Egyptian God Sobek Statue, Egyptian, Gods & Mythological Statues, Egyptian Sobek Mythological God Statue

Egyptian God Sobek Statue, Egyptian, Gods & Mythological Statues, Egyptian Sobek Mythological God Statue

Egyptian Mythological God Sobek Statue

This stunning Statue of the Egyptian God Sobek is truly remarkable and has exquisite detail and the highest sculptural quality. In his hand he holds the Ankh Cross, an ancient and sacred Egyptian symbol that essentially symbolizes life. Sobek (also called Sebek) was an Ancient Egyptian God with a complex and elastic history and nature. He is associated with the Nile Crocodile or the West African Crocodile and is represented either in its form or as a human with a crocodile head. Sobek was also associated with pharaonic power, fertility, and military prowess, but served additionally as a protective deity with apotropaic qualities (remove or cancel a malignant magical influence), invoked especially for protection against the dangers presented by the Nile. Sobek enjoyed a longstanding presence in the ancient Egyptian Pantheon, from the Old Kingdom of Egypt (2686-2181 BCE) through the Roman period (30-350 CE). He is first known from several different Pyramid Texts of the Old Kingdom, particularly from spell PT 317. The spell, which praises the pharaoh as the living incarnation of the Crocodile God, reads: “Unis is Sobek, green of plumage, with alert face and raised fore, the splashing one who came from the thigh and tail of the great goddess in the sunlight… Unis has appeared as Sobek, Neith’s son. Unis will eat with his mouth, Unis will urinate and Unis will copulate with his penis. Unis is lord of semen, who takes women from their husbands to the place Unis likes according to his heart’s fancy”.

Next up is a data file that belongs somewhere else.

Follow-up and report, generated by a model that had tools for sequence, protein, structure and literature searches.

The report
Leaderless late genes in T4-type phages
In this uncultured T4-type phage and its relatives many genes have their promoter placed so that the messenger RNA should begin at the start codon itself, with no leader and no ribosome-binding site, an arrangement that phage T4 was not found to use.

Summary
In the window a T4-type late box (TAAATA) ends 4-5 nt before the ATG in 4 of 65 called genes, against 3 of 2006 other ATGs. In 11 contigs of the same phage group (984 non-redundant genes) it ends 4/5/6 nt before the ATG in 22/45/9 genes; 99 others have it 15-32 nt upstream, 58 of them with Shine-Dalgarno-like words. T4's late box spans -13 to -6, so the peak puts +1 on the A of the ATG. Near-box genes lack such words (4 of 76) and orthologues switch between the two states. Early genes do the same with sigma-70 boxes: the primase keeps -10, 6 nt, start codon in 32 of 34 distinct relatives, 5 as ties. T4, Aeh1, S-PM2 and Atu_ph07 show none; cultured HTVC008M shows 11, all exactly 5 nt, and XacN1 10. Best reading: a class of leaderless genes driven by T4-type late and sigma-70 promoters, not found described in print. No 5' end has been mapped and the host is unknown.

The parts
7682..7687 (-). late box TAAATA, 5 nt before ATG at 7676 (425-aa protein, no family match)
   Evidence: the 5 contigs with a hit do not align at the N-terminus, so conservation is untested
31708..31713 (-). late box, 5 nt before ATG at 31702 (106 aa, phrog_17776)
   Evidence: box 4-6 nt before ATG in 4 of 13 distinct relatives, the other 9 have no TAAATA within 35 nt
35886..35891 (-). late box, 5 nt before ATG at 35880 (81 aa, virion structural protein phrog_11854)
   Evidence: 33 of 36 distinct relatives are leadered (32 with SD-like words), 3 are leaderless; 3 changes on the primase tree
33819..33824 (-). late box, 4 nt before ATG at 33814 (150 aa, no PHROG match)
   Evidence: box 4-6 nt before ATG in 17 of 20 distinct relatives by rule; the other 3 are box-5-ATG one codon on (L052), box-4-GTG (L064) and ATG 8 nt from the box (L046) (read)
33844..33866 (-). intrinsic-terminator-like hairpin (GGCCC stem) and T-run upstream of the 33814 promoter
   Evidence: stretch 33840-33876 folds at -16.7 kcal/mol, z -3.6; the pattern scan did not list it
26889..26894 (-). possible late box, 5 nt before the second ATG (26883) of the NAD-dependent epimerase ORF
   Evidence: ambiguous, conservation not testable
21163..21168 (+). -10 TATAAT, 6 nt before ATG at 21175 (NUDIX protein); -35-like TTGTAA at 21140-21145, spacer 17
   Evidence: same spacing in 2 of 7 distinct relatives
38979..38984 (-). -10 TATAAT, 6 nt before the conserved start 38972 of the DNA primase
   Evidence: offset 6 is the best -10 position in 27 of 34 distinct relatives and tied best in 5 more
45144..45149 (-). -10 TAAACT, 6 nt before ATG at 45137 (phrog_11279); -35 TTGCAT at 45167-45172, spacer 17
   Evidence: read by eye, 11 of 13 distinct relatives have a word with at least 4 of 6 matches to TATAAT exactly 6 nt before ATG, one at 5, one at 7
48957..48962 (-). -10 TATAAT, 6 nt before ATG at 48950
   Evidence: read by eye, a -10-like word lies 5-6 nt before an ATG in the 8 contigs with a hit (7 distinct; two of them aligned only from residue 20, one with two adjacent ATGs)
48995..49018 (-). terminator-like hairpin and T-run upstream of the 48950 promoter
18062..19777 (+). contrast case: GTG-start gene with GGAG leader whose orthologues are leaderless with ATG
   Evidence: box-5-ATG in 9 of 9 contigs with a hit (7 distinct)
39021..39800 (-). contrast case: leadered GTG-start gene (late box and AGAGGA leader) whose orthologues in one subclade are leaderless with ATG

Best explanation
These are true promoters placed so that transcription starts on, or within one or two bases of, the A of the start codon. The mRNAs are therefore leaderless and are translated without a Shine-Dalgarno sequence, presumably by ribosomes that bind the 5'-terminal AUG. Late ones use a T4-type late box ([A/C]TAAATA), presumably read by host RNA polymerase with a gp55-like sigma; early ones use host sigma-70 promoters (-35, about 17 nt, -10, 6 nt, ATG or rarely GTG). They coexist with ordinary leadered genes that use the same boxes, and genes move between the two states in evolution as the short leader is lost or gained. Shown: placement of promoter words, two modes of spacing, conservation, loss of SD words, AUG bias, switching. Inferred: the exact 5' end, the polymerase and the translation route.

The origin of his name, Sbk in Egyptian, is debated among scholars, but many believe that it is derived from a causative of the verb “to impregnate“. This statue of Sobek was found at Amenemhat III‘s mortuary temple (which was connected to his pyramid at Hawara in the Faiyum), serving as a testament to this king’s devotion to Sobek. Ashmolean Museum, Oxford. This Late Period (400-250 BCE) statue shows Sobek bearing the falcon head of Re-Harakhti, illustrating the fusion of Sobek and Re into Sobek-Re. Walters Art Museum, Baltimore. Though Sobek was worshipped in the Old Kingdom, he truly gained prominence in the Middle Kingdom (2055-1650 BCE), most notably under the Twelfth Dynasty Pharaoh, Amenemhat III. Amenemhat III had taken a particular interest in the Faiyum of Egypt, a region heavily associated with Sobek. Amenemhat and many of his dynastic contemporaries engaged in building projects to promote Sobek, projects that were often executed in the Faiyum. In this period, Sobek also underwent an important change, he was often fused with the falcon-headed god of divine kingship, Horus.

This brought Sobek even closer with the Kings of Egypt, thereby giving him a place of greater prominence in the Egyptian Pantheon. The fusion added a finer level of complexity to the god’s nature, as he was adopted into the divine triad of Horus and his 2 parents: Osiris and Isis. Sobek first acquired a role as a Solar God through his connection to Horus, but this was further strengthened in later periods with the emergence of Sobek-Ra, a fusion of Sobek and Egypt’s primary Sun God, Ra. Sobek-Horus persisted as a figure in the New Kingdom (1550-1069 BCE), but it was not until the last dynasties of Egypt that Sobek-Ra gained prominence. This understanding of the god was maintained after the fall of Egypt’s last native dynasty in Ptolemaic and Roman Egypt (332 BCE – 390 CE). The prestige of both Sobek and Sobek-Ra endured in this time period and tributes to him attained greater prominence, both through the expansion of his dedicated cultic sites and a concerted scholarly effort to make him the subject of religious doctrine. Egyptian Sobek Mythological God Statue sizes: 15 inches / 38 cm x 7.9 inches / 20 cm x 6.6 inches / 16.5 cm.


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